The need to bulk up oil supplies has grown increasingly acute recently because of the volatility in key shipping routes such as the Strait of Hormuz off Iran and the South China Sea.
The deal, which involves leasing US storage facilities, means the government will not need to spend billions of dollars building expensive new storage facilities in Australia.
The oil stored in America will count towards Australia’s overall supply, allowing the government to meet its IEA requirements.
“This landmark Australia-US arrangement represents our joint commitment to maintaining fuel security and improving Australia’s resilience, as well as strengthening the close bonds between our two great nations,” Mr Taylor said.
“The US is a trusted ally who has been essential for global oil security and we are glad to be building on our strong, longstanding relationship, while ensuring Australia is best prepared to act during a global oil disruption.
“This arrangement further improves our ability to ensure stocks of critical diesel, petrol and aviation fuel to keep the economy going in the event of disruptions to supply chains.”
Stored underground in massive caverns in Texas and Louisiana, the US Strategic Petroleum Reserve was set up by president Gerald Ford in 1975 to keep the country running in a crisis.
‘This arrangement further improves our ability to ensure stocks of critical diesel, petrol and aviation fuel to keep the economy going in the event of disruptions to supply chains.’
Angus Taylor, energy minister
It holds more than 640 million barrels of crude oil. One cavern is so big it could fit Chicago’s 110-storey Willis Tower in it.
The agreement to be signed by Mr Taylor and US Energy Secretary Dan Brouillette will kickstart detailed contractual negotiations about how much crude oil Australia can buy from the US and how much space it can use in the underground caverns to store it.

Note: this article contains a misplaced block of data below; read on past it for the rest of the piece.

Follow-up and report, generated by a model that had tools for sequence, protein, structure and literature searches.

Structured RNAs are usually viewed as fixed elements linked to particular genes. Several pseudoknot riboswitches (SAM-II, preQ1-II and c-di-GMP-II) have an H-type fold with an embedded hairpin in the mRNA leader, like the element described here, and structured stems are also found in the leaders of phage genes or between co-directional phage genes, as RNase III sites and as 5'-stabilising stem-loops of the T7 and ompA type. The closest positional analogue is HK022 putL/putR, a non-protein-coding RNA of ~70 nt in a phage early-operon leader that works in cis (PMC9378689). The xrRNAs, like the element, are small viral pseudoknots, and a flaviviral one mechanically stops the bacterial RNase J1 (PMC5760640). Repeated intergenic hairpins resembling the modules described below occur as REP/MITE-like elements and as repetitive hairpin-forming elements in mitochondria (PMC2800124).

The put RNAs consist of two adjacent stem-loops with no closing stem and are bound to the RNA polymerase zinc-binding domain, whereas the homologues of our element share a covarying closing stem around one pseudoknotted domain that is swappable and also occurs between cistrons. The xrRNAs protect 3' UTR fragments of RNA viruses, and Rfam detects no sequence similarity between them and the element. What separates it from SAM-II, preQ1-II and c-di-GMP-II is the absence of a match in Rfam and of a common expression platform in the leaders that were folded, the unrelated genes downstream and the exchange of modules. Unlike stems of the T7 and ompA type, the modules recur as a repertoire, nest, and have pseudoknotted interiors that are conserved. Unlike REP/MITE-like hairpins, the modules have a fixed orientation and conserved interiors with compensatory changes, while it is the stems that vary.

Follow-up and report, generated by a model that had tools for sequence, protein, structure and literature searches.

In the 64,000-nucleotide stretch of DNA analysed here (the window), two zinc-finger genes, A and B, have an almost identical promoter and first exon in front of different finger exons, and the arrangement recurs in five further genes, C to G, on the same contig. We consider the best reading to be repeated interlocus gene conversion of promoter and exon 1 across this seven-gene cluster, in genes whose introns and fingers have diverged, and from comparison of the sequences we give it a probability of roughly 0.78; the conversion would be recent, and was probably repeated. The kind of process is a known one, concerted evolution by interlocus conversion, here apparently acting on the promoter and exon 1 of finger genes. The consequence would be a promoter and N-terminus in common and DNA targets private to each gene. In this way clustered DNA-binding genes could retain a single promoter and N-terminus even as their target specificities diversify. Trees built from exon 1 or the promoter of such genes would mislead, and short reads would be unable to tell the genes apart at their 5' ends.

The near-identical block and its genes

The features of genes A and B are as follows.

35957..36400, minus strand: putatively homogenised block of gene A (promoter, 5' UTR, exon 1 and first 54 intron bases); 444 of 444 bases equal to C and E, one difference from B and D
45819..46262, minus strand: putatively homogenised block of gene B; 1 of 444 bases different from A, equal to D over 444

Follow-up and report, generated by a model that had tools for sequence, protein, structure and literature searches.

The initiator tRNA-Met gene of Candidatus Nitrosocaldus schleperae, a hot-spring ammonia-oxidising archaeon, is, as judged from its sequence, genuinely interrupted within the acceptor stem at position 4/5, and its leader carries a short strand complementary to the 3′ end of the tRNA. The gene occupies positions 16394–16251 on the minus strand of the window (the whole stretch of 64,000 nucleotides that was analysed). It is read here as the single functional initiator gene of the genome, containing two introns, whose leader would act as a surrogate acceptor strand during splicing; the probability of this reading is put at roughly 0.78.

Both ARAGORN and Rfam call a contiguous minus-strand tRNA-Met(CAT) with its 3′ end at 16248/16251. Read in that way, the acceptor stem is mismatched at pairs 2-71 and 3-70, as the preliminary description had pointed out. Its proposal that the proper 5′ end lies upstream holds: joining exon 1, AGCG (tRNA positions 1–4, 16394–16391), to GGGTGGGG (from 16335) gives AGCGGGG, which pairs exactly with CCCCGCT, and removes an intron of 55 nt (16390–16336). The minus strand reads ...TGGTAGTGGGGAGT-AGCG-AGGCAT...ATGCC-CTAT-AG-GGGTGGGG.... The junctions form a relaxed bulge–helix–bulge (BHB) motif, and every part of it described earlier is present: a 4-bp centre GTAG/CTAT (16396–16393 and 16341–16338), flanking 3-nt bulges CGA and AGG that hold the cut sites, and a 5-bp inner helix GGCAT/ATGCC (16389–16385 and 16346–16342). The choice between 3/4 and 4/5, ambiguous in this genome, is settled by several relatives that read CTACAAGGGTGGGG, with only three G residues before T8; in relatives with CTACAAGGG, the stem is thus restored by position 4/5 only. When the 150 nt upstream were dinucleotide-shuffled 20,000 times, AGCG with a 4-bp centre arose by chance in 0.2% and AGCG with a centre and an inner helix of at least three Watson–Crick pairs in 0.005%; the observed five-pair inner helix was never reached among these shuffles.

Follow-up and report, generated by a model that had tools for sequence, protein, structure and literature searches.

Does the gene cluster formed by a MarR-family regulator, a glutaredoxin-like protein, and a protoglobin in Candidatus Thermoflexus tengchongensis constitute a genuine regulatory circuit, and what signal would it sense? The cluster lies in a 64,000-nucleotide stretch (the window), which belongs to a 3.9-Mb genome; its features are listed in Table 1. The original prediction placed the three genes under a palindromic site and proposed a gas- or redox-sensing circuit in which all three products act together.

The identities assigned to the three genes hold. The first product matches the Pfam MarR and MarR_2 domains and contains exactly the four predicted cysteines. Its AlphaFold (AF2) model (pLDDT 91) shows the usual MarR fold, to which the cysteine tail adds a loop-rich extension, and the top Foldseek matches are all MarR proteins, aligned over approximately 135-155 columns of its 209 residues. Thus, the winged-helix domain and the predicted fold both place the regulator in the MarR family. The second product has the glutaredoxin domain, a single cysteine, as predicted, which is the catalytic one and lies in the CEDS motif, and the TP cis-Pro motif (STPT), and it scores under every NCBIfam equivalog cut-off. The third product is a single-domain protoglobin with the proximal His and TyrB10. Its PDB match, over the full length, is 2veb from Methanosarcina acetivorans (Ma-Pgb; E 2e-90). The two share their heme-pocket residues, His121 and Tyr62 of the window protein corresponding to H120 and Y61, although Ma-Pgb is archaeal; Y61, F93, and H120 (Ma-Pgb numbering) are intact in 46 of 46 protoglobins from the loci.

No final decisions have been made about how much fuel Australia wants to buy or how much it is willing to spend.
US politicians have previously raised concerns about the idea of selling off fuel from the petroleum reserve to other countries. But the fact Australia’s deal involves leasing facilities in the US – rather than shipping the oil directly to Australia – helped assuage some worries in Washington.
In an interview with The Sydney Morning Herald and The Age last year, IEA executive director Fatih Birol said he welcomed the prospect of such a deal between the US and Australia.
While in the US, Mr Taylor will also visit the oil and gas state of Texas to meet with top industry executives.
He will also visit the US government’s National Renewable Energy Laboratory in Colorado, which is leading research into production of biological hydrogen as a clean source of energy.
The Australian government has released a National Hydrogen Strategy designed to encourage the expansion of the local hydrogen industry.
Bevan Shields is the Europe correspondent for The Sydney Morning Herald and The Age.
Matthew Knott is North America correspondent for The Sydney Morning Herald and The Age.